But how could I forget the cost to have the material cut? I’m not skilled enough to follow a pattern nor have the patience to do so. The coat ended up being $90 ($50 for it cut, another $30 for lining material, and $10 for some thread.) and the breeches are probably gonna be about $65 ($40 for cut, I figure $25 for lining material.) The yet to be cut waistcoat is gonna end up costing about $60 I assume for the cut and lining. We’re only $548.75 in the hole so far? What’s the big deal?

Missing a body linings, buttons, and button holes, an upper collar, and pleats the worst is yet to come.

Missing a body linings, buttons, and button holes, an upper collar, and pleats the worst is yet to come.

And alas, I had to get a new pair of shoes and new stockings. The shoes were a steal at $60 (buckles included) from a former reenactor and the stockings were $52 but they’re hand sewn and so nice! Fortunately for me, the shoes were for Christmas and the stockings for Valentine’s Day. I’m also gonna need some new cloth garters to hold those stockings up which should cost me about $4 to make.

I’ll also need a new unlaced hat with the proper brim height to the tune of $120.

If you haven’t passed out yet by the figures I’ve thrown out, the grand total of this total wardrobe is….

$784.75

I can feel my heart pounding as I type that. This damn hobby isn’t cheap. Granted only $549.75 came out of my pocket, that’s still a nice chunk of change. Most reenactors will tell me that’s an excellent price to pay for a suit made for me. The whole wardrobe is a little more than half the price of a new musket or a whole used one. I’ve spent less than that on college books in my 4 semesters.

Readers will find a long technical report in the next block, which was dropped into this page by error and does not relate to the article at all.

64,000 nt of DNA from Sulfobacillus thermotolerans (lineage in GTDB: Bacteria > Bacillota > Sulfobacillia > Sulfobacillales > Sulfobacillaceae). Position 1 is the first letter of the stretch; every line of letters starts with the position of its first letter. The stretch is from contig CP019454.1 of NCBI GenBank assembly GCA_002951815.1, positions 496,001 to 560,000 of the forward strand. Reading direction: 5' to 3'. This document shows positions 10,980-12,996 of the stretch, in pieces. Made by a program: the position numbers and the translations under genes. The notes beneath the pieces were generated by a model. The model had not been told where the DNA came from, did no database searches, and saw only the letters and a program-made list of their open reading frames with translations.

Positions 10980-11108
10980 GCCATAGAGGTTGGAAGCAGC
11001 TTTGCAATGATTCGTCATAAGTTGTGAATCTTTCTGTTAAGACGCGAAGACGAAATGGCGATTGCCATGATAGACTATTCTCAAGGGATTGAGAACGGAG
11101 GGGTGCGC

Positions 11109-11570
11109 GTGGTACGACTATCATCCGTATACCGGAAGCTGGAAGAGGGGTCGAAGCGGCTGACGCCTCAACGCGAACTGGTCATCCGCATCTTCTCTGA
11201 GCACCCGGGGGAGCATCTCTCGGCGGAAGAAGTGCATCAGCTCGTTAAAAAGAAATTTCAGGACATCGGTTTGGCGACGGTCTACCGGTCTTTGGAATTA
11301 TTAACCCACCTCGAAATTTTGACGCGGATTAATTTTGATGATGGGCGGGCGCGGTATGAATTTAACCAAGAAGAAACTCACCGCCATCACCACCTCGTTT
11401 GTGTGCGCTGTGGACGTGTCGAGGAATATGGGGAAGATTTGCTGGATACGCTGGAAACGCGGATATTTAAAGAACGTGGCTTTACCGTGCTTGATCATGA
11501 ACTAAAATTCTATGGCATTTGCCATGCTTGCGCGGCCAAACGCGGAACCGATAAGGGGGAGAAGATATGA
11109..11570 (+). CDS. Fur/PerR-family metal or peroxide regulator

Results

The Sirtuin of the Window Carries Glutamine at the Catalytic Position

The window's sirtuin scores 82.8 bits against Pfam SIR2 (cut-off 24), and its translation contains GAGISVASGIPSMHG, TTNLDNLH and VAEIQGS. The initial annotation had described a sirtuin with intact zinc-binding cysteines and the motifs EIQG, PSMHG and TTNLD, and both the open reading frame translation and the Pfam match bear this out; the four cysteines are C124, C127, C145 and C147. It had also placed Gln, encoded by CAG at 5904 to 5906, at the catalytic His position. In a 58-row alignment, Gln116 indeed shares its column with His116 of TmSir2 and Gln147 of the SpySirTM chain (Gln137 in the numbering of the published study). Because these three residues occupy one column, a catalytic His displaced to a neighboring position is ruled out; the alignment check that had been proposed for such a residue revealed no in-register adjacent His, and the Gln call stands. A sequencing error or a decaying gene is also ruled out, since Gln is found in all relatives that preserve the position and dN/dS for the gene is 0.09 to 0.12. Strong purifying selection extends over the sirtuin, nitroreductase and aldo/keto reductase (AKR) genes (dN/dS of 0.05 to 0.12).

As I sit in the lounge with the rest of the history majors and try to convince them that “This hobby can be done on a budget! You should totally join!” and watch them give me the look of disbelief, I understand why. This can be such a daunting thing to grasp to a new person in the hobby, hell; it scares the daylights out of me and I’ve been doing this for 7 years.

But as I sew the garments, there’s a sense of accomplishment I get from putting them together and seeing less and less pieces of random fabric and seeing something that kind of resembles an article of clothing. All these years, I’ve been wearing hand-me-down clothing not made for me or stuff made for me that belongs to the regiment. It will be nice to actually have something that’s mine and made by me.♦

*Just don’t turn them over or take them off the coat. It looks like a mangled spider’s web on the back.

♦You’ll know if it’s made by me by the bloodstains I leave somewhere hidden on the garment. I always say, “No project is complete until you’ve made a blood sacrifice to the sewing gods!”